On Tuesday 9 January, the European Commission published a Notice To Stakeholders about the potential implications of Brexit for EU data protection law. This is the first time that the European Union has made a statement on the adequacy decision and what the alternatives might be for the UK.
In response, Stewart Room (data protection lead partner at PwC) has moved to reassure UK organisations that, even if this adequacy decision isn’t given, there are plenty of other opportunities open to them.
“The Notice To Stakeholders confirms that, after Brexit, the UK will become a ‘third country’ for the purposes of EU law, which will potentially impact personal data exports from the EU to the UK,” stated Room. “It also confirms that, as a third country, the UK’s ‘adequacy’ for EU data protection law purposes is a matter for decision by the European Commission, rather than a status that occurs automatically.”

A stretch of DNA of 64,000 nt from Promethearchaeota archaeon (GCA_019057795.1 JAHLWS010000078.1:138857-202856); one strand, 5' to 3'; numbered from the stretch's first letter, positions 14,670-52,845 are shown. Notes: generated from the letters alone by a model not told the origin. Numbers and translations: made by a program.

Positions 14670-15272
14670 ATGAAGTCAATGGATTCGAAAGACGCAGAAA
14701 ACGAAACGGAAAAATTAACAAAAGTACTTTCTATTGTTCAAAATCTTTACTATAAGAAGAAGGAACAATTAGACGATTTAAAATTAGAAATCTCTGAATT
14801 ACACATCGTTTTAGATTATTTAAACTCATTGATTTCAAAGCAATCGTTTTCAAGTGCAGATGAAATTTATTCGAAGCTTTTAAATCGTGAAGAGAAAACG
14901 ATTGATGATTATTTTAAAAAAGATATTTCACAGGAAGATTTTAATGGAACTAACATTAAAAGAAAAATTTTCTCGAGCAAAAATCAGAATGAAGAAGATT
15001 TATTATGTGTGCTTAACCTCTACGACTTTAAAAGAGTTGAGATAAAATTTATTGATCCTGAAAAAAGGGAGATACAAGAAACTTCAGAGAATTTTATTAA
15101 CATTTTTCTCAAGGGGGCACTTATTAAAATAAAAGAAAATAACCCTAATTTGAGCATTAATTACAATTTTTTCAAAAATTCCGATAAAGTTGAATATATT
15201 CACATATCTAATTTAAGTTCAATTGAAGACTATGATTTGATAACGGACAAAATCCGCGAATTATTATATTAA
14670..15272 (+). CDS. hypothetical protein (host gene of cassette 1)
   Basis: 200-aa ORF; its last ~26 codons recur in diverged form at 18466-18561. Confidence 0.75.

Room continued: “However, it does provide considerable comfort around the fact that data exports need not be unnecessarily interrupted if an adequacy decision isn’t granted, because the law contains a series of other mechanisms for organisations to rely upon to keep data flowing. These other options may not be as ‘frictionless’ as an adequacy decision, but many organisations in the UK will be very familiar with how they work, because they use them already to transfer personal data from the UK to other third countries. These include consent and contractual necessity using European model clauses or Binding Corporate Rules.”